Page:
Alternative rite of passage saves 115 girls from Female Genital Mutilation in Tanzania

During the just concluded cutting season of the Kuria community in Northern Tanzania, 115 girls have been saved from undergoing Female Genital Mutilation (FGM). Instead of being subjected to the traditional cutting ceremony of the Kuria, they attended a training camp organised by the Association of Termination of Female Genital Mutilation (ATGM), partner of Terre des Hommes Netherlands. The 115 girls underwent an alternative rite of passage during their graduation ceremony end of December 2015.

Child abuse / Child marriages

FGM has been deeply rooted in the traditions of the Kuria community. The FGM ceremonies traditionally take place in December. According to the Kuria traditional beliefs, every girl has to undergo the ceremony, to make her a fully accepted adult member of the Kuria society. Once cut, a girl is considered to be ready for marriage, which is also the moment when she is taken out of school.

Implications of Female Genital Mutilation

Apart from the many direct short and long term health implications (such as excessive bleeding, psychological trauma and life long damage, which for instance causes difficulty with giving birth due to scar tissue), the forced end to the girls’ education is harming their prospects for an economically stable and independent future. Moreover, child marriage exposes girls to the risks of early pregnancy and contracting sexually transmitted diseases.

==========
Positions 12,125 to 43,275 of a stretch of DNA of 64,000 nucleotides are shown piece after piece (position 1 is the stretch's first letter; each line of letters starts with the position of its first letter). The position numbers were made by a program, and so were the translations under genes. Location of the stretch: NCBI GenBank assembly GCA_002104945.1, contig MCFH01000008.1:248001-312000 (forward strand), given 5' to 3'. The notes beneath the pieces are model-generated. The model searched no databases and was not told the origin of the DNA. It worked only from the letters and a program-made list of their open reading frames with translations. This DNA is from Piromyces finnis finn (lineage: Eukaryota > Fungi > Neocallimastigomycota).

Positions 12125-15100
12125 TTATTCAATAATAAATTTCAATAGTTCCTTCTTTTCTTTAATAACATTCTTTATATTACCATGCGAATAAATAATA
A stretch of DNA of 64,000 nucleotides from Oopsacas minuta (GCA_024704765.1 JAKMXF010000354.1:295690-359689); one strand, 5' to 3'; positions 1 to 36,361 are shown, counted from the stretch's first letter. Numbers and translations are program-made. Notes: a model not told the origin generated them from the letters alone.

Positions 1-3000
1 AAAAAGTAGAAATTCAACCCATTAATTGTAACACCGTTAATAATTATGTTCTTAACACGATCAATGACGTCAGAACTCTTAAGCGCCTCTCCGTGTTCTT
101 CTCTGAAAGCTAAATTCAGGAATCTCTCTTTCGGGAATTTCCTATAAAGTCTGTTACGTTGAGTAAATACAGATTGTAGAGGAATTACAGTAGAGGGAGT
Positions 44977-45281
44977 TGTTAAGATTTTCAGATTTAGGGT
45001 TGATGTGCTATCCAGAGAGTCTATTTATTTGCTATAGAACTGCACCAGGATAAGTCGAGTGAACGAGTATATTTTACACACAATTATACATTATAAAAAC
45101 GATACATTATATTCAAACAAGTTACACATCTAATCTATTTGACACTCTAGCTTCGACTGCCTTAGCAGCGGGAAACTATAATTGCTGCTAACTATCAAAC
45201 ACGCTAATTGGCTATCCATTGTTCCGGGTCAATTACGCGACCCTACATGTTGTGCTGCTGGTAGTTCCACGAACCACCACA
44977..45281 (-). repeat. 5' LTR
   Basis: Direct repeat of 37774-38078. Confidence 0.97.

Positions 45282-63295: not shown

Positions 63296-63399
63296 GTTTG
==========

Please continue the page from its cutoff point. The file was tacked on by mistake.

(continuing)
Alternative rite of passage

The movement to terminate this harmful practice started from within the Kuria community itself, when concerned parents brought their girls to the church in 2008 in order to prevent them from being cut. The sisters at the church however decided not to keep these girls in hiding, but instead openly offer them a safe space where they would attend life skills training to make them more resilient. The training camp followed by the graduation ceremony became an alternative rite of passage, which is being accepted by an increasing number of the Kuria community. In addition to organising the training camps in direct support of girls at risk, ATFGM also focuses on creating awareness within the community. In regular meetings with traditional elders, community groups and government, ATFGM emphasises the health risks of FGM, the right to bodily integrity and the importance of education.

2,118 girls saved

Since their start in 2008, the ATFGM training camps have benefitted 2,118 girls who have been prevented from undergoing FGM. ATFGM’s office is located in a former traditional cutting centre, which was donated by the community, to be used for the benefit of their children’s education.

Share this:

Related news